Sadly, when you all come back here in 50 years, we'll be doing this tour by helicopter
"What would happen if it collapsed now?"
We were placidly bobbing on New Zealand's Tasman Lake, staring up at a wall of ice.
"Well, nothing, to be honest. The lake is so deep, we wouldn't notice the wave out here. On the bank, it's a different story. If some ice fell in now, we're possibly in the safest place you could be - from the tsunami that is. Different story if the glacier calves from underneath."
This was our guide, Steve, a man of reassuring optimism. Nevertheless, the couple in the front of the craft huddled a little closer.
Steve had expertly steered our small rib through the rafts of ice to our current berth, a short distance offshore from the Tasman Glacier - the country's largest at 600m thick and 27km long. It was like something out of Game of Thrones, sheer cliffs of ice rose from the murky deep to tower above our heads.
And it was blue. I had seen ice before back home, in the frozen puddles and tractor ruts that riddle Wiltshire's countryside, but nothing came close to matching this shade of azure.
"It's to do with the lack of air bubbles." Steve explained, "The snowfall crushes the underlying ice, squeezing out the air. This purer ice only reflects blue wavelengths."
Steve turned our attention to a nearby iceberg that had broken off from the glacier.
Up close, the size of these floating peaks was truly intimidating. It was inconceivable to imagine the other 90% concealed underwater, and daunting to contemplate the danger this hidden portion posed. Submerged ice fans out from the iceberg in a shallow shelf below the waterline, and the shelf's greater buoyancy means it yearns to break free from the main core and rise to the surface. When it does, chaos ensues.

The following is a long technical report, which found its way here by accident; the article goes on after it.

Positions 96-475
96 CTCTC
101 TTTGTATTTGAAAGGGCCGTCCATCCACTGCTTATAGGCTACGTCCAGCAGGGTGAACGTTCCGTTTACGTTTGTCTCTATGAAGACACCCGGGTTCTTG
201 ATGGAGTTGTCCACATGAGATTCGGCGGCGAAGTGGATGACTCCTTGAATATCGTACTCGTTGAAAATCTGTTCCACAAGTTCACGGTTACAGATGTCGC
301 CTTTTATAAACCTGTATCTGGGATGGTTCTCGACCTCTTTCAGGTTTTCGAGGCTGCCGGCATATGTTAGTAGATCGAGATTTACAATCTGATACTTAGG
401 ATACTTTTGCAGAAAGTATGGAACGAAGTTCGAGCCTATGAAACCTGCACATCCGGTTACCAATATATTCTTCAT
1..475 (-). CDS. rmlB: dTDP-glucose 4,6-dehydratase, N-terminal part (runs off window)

"If the surfacing slabs don't get us, the main iceberg will - pretty unstable after such a trauma, like as not she'll flip over. And this ice is a lot denser than the stuff in your fridge, we'd have no chance! But still, a collapse from the main glacier is a whole different situation."
Big collapses, or 'calvings', occur when the unstable end of the glacier breaks off into the lake, and with glaciers such as the Tasman these happen about once every Summer.
"Though this season we've had two already, which is strange." Steve broke off and frowned at the glacier.
So when was the last calving?
"Oh, two nights ago in fact!" Steve recalled.
A silence descended on our vessel.
"But don't worry," he added quickly, "calvings don't usually occur so soon after one another." tactfully defusing the tension in the boat, if not the glacier. For the Tasman is fast disappearing. In the 1990s the annual retreat was 180m. Today, the ice melts at a shocking 800m per year.
"It's a shame," mused Steve, gazing up at the root of the glacier high up in the mountains. He glanced at some kids in the back of the boat.
"Sadly, when you all come back here in 50 years, we'll be doing this tour by helicopter."
Ecologist 'New Voices' Travel blogger Robert Trevelyan has just graduated from Bristol University with an MSc in Geology with a special emphasis on environmental issues such a climate change and anthropogenic forcing. He is planning a career as an environmental journalist.